Plastics, more specifically microplastics, have permeated every sphere of our lives. In a new disturbing study, researchers have found micro- and nano-plastics (MNPs) pass on from the mothers to the unborn baby.

The study, published in the journal Nanomaterials, found MNPs had not only crossed the intestinal and placental barriers within 24h, had also permeated the livers, kidneys, hearts, lungs, and brains of the unborn offspring.

“Much remains unknown, but this is certainly cause for concern and follow-up study,” Philip Demokritou, the Henry Rutgers Chair and professor in nanoscience and environmental bioengineering at the Rutgers School of Public Health, said, reported.

According to the outlet, an average human ingests and inhales about 5 g of MNPs a week, which is equivalent to the mass of a credit card.

“The use of plastics has exploded since the 1940s due to their low cost and versatile properties. From 9 billion metric tons produced over the last 60 years, 80% ended up in the environment, and only 10% was recycled,” Demokritou stated.

In the study, pregnant rats were given marked nanoscale plastics. Researchers posited carboxylated red fluorescent 25 nm (PS25C) polystyrene spheres would breach the intestinal barrier of the mother rats as well as cross the placenta and enter the bloodstream and tissues of the unborn babies.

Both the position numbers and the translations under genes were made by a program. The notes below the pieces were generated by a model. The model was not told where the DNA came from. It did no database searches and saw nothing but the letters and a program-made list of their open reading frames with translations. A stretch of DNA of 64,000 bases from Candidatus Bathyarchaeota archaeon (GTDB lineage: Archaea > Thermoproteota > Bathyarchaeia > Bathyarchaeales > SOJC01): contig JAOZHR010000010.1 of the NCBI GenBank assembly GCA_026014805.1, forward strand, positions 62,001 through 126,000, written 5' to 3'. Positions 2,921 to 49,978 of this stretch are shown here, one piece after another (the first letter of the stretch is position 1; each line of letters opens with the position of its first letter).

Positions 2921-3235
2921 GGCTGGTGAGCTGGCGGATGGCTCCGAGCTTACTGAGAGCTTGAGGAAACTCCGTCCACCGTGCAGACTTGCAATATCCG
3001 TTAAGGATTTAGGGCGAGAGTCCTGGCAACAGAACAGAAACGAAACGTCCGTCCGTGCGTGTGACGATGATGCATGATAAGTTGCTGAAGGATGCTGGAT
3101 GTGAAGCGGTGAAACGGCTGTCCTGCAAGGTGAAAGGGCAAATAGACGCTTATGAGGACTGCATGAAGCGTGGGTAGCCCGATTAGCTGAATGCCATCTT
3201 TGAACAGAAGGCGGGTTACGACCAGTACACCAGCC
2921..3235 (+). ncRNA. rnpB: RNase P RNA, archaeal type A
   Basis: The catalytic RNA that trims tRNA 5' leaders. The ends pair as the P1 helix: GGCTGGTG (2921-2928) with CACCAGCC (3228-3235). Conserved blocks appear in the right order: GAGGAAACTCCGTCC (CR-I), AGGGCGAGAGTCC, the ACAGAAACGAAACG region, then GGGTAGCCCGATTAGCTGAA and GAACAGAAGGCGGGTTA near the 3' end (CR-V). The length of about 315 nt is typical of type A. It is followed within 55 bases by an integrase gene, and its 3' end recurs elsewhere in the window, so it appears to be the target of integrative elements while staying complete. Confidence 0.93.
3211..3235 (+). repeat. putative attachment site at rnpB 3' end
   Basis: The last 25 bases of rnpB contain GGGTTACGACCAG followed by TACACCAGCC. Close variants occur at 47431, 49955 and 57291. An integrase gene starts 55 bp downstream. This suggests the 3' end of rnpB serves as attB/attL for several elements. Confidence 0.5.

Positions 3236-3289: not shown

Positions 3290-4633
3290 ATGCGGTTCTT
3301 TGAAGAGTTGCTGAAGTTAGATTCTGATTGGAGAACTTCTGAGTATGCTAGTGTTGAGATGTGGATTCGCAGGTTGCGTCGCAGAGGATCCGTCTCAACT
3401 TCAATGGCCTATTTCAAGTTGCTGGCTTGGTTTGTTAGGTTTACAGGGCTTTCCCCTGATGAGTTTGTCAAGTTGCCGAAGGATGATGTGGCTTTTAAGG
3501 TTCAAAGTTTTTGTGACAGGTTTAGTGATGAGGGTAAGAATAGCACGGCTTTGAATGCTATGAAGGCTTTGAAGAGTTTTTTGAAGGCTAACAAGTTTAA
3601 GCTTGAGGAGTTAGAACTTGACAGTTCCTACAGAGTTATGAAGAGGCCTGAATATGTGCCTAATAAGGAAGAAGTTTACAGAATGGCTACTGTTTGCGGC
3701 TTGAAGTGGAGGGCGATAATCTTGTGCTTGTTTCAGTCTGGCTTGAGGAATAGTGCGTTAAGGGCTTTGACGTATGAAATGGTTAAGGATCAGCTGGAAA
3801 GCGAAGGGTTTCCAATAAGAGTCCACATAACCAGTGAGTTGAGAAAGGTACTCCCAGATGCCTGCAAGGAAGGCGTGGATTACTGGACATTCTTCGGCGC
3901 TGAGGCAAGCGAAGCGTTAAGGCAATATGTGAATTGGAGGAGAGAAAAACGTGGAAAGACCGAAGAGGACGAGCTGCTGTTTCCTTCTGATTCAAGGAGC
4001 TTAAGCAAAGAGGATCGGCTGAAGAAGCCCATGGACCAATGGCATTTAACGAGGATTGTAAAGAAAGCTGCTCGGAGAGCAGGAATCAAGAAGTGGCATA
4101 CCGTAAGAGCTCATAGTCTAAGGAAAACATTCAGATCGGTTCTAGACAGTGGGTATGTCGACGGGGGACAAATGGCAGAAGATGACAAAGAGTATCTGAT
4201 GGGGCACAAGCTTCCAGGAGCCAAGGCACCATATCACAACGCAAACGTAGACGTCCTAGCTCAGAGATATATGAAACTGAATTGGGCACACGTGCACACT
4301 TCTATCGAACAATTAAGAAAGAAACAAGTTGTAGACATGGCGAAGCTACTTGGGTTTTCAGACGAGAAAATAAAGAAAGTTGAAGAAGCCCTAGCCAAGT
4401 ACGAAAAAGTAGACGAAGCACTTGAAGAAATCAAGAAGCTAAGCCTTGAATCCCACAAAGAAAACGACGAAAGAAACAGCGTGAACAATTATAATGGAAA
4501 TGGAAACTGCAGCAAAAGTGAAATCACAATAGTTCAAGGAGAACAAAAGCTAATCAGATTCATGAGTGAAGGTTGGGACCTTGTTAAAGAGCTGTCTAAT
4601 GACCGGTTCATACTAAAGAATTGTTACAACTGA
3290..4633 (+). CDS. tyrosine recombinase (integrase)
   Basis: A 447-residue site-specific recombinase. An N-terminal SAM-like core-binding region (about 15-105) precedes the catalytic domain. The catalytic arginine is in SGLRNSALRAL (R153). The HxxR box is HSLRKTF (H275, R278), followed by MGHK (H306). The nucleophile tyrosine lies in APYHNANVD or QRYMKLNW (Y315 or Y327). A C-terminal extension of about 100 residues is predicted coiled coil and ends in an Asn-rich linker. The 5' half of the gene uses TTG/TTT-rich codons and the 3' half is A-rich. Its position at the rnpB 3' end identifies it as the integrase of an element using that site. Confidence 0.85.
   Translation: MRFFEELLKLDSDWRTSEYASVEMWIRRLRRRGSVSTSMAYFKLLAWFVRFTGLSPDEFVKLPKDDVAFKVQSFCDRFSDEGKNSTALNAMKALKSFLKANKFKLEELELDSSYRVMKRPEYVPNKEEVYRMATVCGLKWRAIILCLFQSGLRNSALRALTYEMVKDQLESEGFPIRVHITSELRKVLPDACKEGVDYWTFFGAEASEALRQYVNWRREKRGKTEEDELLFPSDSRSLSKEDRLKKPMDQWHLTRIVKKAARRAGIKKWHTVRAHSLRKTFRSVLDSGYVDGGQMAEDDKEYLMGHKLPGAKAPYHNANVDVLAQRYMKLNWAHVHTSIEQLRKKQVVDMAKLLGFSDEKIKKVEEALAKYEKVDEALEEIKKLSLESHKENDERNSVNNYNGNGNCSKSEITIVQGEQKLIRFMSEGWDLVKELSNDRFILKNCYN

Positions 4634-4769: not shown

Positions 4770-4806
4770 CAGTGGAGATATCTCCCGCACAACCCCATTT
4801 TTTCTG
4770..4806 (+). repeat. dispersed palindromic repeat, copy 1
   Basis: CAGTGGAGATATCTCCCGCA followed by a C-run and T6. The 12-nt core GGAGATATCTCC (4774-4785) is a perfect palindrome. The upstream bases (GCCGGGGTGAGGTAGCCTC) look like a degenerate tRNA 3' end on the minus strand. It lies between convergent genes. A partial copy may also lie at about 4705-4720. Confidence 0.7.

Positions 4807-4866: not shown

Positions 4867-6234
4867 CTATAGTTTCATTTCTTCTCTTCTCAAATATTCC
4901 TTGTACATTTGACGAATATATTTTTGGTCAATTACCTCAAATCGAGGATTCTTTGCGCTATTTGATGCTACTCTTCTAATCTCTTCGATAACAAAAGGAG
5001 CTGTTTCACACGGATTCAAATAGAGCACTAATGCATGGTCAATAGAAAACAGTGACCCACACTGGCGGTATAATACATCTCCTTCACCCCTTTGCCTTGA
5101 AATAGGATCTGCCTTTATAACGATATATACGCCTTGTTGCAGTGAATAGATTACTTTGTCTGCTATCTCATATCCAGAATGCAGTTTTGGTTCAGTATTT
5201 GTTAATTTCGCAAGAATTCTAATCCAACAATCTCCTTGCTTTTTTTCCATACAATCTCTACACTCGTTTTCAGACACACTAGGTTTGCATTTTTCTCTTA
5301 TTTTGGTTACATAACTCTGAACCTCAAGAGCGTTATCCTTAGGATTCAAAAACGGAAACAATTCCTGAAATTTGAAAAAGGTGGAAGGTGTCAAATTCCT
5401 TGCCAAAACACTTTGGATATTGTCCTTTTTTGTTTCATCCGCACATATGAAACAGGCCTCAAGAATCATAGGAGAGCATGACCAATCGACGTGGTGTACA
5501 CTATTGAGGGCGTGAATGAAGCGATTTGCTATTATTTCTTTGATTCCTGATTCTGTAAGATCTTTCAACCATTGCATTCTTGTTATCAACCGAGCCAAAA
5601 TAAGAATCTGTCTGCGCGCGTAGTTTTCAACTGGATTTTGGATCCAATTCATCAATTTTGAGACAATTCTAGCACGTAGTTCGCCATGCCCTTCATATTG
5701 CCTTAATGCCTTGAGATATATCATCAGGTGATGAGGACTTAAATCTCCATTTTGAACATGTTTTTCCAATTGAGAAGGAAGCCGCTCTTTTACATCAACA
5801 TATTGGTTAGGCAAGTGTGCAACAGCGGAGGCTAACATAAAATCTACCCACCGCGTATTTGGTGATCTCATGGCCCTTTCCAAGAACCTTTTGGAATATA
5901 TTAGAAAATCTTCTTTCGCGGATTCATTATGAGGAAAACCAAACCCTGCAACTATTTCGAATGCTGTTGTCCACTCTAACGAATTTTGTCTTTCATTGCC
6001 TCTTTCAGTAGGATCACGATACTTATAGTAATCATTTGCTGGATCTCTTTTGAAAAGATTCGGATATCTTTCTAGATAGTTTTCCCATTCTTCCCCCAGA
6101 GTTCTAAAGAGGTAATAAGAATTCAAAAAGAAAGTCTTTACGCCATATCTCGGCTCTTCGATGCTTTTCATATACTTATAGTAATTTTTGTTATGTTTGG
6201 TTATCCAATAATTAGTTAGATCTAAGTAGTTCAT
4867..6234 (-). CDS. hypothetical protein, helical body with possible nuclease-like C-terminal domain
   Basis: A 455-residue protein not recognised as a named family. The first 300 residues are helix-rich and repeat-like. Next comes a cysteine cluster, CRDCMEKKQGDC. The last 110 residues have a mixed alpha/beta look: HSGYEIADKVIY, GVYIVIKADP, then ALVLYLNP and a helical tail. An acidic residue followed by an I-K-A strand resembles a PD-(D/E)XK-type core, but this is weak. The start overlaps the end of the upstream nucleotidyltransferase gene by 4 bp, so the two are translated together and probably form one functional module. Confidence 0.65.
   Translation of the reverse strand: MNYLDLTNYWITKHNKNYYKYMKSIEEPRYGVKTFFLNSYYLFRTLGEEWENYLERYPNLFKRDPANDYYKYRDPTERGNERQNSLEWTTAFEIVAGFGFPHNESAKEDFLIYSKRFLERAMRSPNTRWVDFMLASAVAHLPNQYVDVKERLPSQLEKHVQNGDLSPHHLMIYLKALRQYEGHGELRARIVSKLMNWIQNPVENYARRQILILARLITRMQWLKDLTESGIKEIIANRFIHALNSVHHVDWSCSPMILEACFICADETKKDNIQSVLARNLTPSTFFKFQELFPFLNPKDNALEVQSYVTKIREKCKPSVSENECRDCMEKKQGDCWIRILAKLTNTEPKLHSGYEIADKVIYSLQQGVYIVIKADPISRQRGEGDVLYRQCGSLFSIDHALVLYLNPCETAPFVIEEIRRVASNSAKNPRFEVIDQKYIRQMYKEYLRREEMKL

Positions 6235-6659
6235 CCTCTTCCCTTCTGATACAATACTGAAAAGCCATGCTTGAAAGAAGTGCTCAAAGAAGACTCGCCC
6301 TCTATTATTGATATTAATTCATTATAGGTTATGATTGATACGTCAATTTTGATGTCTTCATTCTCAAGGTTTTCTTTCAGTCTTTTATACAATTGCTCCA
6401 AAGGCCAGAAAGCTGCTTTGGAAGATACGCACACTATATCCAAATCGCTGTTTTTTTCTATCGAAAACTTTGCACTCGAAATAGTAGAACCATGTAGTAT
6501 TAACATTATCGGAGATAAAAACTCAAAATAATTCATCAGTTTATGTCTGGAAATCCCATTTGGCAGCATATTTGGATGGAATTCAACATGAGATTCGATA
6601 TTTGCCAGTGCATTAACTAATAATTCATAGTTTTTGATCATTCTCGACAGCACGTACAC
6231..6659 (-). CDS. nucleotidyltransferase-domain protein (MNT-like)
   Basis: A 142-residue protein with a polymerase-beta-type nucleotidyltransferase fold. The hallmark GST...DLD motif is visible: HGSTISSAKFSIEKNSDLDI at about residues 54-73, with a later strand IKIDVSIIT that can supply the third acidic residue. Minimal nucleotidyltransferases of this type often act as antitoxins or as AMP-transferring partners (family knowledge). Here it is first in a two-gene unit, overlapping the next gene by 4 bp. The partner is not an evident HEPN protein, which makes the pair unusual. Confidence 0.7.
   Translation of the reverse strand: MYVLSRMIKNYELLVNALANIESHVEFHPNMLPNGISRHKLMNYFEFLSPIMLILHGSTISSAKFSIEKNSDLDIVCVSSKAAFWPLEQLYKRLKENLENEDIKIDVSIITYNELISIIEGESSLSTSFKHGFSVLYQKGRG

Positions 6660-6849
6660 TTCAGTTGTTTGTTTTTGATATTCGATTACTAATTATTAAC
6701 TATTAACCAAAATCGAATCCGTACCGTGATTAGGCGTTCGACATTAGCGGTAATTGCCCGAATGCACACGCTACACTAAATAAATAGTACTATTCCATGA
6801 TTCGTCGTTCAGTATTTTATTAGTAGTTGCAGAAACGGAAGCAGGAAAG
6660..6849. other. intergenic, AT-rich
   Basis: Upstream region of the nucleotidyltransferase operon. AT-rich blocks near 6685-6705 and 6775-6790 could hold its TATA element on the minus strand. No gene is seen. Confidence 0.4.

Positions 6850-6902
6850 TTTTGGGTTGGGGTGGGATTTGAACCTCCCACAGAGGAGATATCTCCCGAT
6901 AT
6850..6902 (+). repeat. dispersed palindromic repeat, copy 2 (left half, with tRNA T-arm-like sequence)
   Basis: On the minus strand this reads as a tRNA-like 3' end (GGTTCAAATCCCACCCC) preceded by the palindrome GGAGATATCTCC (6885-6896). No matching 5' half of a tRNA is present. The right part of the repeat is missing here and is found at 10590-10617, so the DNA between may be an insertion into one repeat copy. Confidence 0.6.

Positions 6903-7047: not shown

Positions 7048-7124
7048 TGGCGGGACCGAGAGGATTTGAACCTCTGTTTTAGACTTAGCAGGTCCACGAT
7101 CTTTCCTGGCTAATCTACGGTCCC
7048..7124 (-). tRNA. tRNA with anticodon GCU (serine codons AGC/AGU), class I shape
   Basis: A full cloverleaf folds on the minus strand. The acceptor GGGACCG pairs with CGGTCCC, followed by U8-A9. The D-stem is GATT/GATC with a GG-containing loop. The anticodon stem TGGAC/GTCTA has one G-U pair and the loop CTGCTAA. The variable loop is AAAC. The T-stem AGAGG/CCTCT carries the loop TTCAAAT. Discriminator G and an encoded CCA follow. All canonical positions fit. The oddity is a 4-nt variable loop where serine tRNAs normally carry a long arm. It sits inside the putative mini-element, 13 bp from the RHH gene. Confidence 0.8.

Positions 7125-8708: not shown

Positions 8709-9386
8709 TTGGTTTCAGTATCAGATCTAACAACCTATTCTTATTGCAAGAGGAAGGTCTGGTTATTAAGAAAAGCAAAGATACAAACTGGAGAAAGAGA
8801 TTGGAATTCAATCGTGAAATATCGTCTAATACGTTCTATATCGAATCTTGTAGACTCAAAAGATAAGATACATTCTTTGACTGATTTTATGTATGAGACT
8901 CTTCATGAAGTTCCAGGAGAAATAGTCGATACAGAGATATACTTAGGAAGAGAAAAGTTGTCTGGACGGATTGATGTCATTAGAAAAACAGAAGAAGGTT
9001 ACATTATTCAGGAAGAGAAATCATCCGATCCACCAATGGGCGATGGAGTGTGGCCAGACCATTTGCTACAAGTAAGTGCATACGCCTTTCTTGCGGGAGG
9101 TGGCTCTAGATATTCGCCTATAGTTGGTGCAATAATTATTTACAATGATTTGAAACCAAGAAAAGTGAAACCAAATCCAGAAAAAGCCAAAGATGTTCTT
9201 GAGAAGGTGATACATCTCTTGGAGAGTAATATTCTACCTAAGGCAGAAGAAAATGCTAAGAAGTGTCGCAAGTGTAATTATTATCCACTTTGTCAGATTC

Five rats ingested liquid containing the 25 nm polystyrene balls on day 19 of their pregnancy in the experiment. There was a control group that was not fed the plastic. At the end of 24 hours, the rats were sacrificed and their tissues as well as that of their pups were analyzed.

It was found MNPs had infiltrated the livers, kidneys, hearts, lungs, and brains of the unborn pup.

“Petroleum-based plastics are not biodegradable, but weathering and photooxidation break them into tiny fragments. These tiny fragments, called micro-nano-plastics, are found in human lungs, placentas, and blood, raising human health concerns,” Demokritou explained.

“As public health researchers, we are trying to assess the health risks from such an emerging contaminant to inform policymakers and develop mitigation strategies,” the researcher added.

However, researchers admitted only polystyrene MNPs of a specific size were employed in the study, which does not encompass the variety of environmental MNPs.

Nevertheless, this study is the first to prove that plastics of this size can move through the placental barrier and enter the tissues of the offspring.

“The goal is also to increase the reuse and recycling of plastics and even replace them with biodegradable, biopolymer-based plastics. This is part of our bigger societal goal towards sustainability,” Demokritou commented.